Data and software processes need to be brought together in a continuous loop from the very beginning.
Data and AI loop
Massive amounts of real and synthetic data are continuously processed to generate the ground truth data and to train and retrain an algorithm to cover billions of scenarios. This process is neverending, as reality changes faster than we can write this report, and new corner cases need to be found and filtered as quickly as possible.
Software and hardware loop
The trained AI needs to be brought into the software and the car in parallel. For each system level (component, function, sub-systems, whole system), we need to run a set of tests with real, synthetic and hybrid data for simulation. These tests need to be executed within simulated environments with various hardware-in-the-loop (HIL) steps, down to the vehicle level. This full scope of behavior-/bit-/timing-/binaryequal test execution, multiplied by all available test scenarios, creates the test coverage to prove the correct behavior for all operational design domains. Ultimately, it also fulfills automotive safety requirements (software and hardware loop).
Running and integrating the ‘data and AI loop’ and the ‘software and hardware loop’ requires continuous data management, processing on a new scale and CI/ CD. Build processes and systems must be seamlessly integrated with data-driven development processes and systems. With a development environment capable of automatically triggering, executing and analyzing all the abovedescribed types of tests for each code commit, the feedback cycles will be shortened tremendously.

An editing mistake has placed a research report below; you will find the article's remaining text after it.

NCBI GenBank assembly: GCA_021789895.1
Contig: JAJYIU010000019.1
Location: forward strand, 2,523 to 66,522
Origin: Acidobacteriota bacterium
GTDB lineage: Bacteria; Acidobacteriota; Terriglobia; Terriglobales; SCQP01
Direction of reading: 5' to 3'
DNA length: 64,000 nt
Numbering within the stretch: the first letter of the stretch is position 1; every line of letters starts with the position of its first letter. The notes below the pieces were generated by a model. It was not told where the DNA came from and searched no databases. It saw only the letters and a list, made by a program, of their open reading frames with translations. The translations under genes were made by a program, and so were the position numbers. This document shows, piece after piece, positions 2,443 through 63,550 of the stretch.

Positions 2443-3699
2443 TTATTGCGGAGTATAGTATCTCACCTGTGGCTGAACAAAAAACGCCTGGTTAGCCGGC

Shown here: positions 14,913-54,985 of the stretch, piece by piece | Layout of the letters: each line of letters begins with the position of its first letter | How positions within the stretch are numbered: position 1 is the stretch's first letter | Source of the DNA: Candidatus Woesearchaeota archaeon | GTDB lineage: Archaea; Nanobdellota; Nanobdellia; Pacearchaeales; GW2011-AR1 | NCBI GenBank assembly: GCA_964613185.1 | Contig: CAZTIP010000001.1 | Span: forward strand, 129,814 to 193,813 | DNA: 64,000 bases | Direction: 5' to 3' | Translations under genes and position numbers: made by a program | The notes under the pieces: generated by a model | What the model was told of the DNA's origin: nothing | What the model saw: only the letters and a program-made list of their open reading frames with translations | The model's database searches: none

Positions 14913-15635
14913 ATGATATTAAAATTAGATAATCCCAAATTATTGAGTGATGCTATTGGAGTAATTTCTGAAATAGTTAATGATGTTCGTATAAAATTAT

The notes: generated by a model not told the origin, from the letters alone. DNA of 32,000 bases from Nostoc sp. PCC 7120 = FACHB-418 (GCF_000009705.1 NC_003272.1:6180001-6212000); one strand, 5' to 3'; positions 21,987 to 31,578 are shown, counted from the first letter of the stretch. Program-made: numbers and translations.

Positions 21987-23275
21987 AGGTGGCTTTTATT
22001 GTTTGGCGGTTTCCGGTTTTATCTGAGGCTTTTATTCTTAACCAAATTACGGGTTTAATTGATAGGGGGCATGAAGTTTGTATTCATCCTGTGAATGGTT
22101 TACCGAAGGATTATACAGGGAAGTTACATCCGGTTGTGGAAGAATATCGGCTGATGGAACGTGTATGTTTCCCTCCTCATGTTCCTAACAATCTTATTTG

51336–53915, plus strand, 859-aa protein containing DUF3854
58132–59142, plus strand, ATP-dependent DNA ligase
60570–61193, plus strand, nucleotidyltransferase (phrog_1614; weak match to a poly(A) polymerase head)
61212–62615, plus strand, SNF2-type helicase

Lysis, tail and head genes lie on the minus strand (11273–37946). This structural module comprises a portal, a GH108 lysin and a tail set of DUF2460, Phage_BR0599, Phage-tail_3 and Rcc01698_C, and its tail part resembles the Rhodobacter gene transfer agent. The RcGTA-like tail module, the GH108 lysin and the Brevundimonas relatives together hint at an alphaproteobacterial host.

Additionally, this allows the development experts to focus almost 100% of their time on developing functionality for autonomous vehicles.
Data-driven/AI-based development will accelerate and change the course of software development for autonomous vehicle systems.
It is essential that data and software development processes interact continuously and are not seen as sequential development processes within isolated functional development teams and departments.
This cannot be achieved with legacy in-car software architecture or its evolutionary development; this would just slow down dataprocessing capability and AI requirements of the future. We need true software/hardware separation and more compute power and processor specialization. We also need more memory, centrally accessible sensor data and dynamic payload deployment – all while keeping the integrity of the overall safety-related system.
To make this happen, automotive players urgently need to set up programs to restructure the development toolchain – including all development streams – with automotive, embedded, IT, system testing and data science experts. They need a scalable foundation and system design that can be extended step by step.
Simulation and virtualization are development game changers for realizing fast feedback (CI/CD) while maintaining overall maturity/quality level when implementing much more complex software systems in a shorter time.
About the author
Head of program management, Luxoft
Automotive program manager, Luxoft
Global solution lead, DXC Robotic Drive